Active fund managers underperform once again: S&P

And their results don't get any better over the long term

Apr 12, 2017 @ 6:18 pm

By John Waggoner

Legendary Mets manager Casey Stengel once cried out, "Can't anyone here play this game?" Had he asked that about active fund managers, Standard & Poor's would once again reply, "No."

S&P's semi-annual scorecard for active fund managers found them down about 50-1 in the middle of the 2016 playing season. During the one-year period ended June 30, 84.6% of large-cap managers, 87.9% of mid-cap managers and 88.8% of small-cap managers underperformed the S&P 500, the S&P MidCap 400 and the S&P SmallCap 600, respectively.

The batting averages don't get any better over the long term. Over the 10-year investment horizon, 85.4% of large-cap managers, 91.3% of mid-cap managers and 90.8% of small-cap managers failed to outperform on a relative basis, S&P said.

Such miserable performance explains why passively managed funds have fared so well — and why a large number of funds get shuffled off to Palookaville. In the past five years, 21% of domestic and international stock funds were either merged or liquidated. For fixed-income funds, the strikeout rate was 14%.

Extremely good hitters in baseball strike out two-thirds of the time. By that measure, large-cap value funds seem to have some extremely good stock pickers. According to S&P, 67.8% of all large-cap value funds failed to beat their index over a decade. That was the best record among domestic stock pickers. The worst: Mid-cap growth funds, which lost to their benchmarks 95.2% of the time.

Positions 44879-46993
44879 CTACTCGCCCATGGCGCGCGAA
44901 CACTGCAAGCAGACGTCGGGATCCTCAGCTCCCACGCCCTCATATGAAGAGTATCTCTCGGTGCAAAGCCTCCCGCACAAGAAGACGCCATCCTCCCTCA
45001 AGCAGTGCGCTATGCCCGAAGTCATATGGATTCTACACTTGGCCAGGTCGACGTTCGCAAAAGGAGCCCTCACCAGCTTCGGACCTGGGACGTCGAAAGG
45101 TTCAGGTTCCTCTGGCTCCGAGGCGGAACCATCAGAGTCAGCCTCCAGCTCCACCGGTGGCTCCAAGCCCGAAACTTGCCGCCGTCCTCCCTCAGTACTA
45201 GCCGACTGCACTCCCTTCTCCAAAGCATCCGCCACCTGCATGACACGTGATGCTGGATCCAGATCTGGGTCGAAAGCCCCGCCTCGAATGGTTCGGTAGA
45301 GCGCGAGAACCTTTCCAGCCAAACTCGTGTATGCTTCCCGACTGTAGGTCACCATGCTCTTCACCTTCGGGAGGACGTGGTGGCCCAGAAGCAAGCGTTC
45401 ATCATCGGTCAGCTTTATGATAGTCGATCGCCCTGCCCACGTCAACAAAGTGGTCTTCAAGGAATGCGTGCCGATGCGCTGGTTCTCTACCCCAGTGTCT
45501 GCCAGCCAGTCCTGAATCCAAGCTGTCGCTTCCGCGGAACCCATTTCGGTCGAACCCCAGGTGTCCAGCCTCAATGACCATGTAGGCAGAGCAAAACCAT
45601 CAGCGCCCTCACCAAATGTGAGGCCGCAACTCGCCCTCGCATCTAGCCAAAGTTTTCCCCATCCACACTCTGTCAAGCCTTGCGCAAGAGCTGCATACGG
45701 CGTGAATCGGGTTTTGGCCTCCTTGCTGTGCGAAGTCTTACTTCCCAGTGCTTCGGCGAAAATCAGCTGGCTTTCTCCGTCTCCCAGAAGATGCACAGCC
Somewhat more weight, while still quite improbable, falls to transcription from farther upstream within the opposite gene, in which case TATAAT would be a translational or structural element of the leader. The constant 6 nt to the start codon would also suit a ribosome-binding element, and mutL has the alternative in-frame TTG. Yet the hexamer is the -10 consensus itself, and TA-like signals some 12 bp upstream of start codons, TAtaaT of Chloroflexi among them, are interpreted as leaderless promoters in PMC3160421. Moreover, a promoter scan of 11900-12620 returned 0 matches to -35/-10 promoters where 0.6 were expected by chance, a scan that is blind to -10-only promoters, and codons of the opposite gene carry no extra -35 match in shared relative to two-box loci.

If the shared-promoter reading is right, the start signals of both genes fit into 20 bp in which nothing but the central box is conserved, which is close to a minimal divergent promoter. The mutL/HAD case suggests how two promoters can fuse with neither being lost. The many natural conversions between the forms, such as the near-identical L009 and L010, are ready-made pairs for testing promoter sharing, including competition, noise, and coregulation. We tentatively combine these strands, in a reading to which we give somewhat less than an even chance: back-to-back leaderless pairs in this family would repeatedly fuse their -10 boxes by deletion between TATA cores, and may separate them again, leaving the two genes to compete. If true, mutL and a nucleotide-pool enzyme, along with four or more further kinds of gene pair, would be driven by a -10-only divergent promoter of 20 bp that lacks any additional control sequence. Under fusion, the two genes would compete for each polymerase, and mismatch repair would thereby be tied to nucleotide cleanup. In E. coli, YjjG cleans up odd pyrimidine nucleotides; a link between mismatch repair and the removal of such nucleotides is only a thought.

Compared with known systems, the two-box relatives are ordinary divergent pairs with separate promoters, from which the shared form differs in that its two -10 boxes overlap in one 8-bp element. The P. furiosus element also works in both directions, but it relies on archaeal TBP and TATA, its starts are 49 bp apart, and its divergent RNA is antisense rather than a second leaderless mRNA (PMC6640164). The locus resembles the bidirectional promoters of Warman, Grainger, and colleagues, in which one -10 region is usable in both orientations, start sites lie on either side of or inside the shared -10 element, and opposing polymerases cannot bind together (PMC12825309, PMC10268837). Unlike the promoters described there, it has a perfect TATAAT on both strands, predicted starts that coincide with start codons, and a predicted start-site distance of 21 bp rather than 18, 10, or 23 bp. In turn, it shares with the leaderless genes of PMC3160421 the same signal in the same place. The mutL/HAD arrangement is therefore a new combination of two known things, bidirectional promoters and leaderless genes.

International funds fared better than their domestic competitors, but still largely whiffed. Global funds lost to their benchmark 75.3% of the time for the past 12 months, and 81.2% of the time for the past 10 years. Best record: International small-cap funds, which lost to their benchmark 62.3% of the time the past decade.

In theory, smaller, less-followed markets should be easier to beat. And this was true for emerging markets managers the 12 months ended June 2016: The benchmark beat them 42.2% of the time. But that advantage evaporated over time: The benchmark won 81.9% of the time over 10 years.

Many bond fund managers would have been better off on the bench. Long-term investment-grade bond funds got walloped by their benchmarks 98.2% of the time over the past 10 years. Intermediate-term investment-grade managers fared best, losing to their benchmarks 59.8% of the time.

S&P makes a number of adjustments to its scoreboard to make apples-to-apples comparisons. It eliminates the records of merged and liquidated funds, for example, and weights funds' records by assets — so a $50 billion fund isn't scored the same as a $10 million one.

Steve Deschenes, product management and analytics director at Capital Group, says that you can cut down on your risk of bad managers by screening on two factors: Fees and investment management in the fund. "It doesn't matter what the percentage of managers who beat the index is, it matters whether you can identify those who do," Mr. Deschenes said. (Capital Group is the investment adviser for the actively managed American Funds).

If you focus on the least-expensive 20% of funds, you can double the number of successful funds in your screen, he says. After all, it's hard enough to beat the S&P 500, much less by adding on a 1.5% management fee. And fund managers who have $1 million or more invested in the fund tend to have a greater incentive to outperform. "These are relatively intuitive screens," Mr. Deschenes said. "If you look at a cross-section of the least expensive funds and those with high manager ownership, they have dominated in every time period," Mr. Deschenes. Not surprisingly, the American funds score well on both counts, although the funds also have excellent long-term records.


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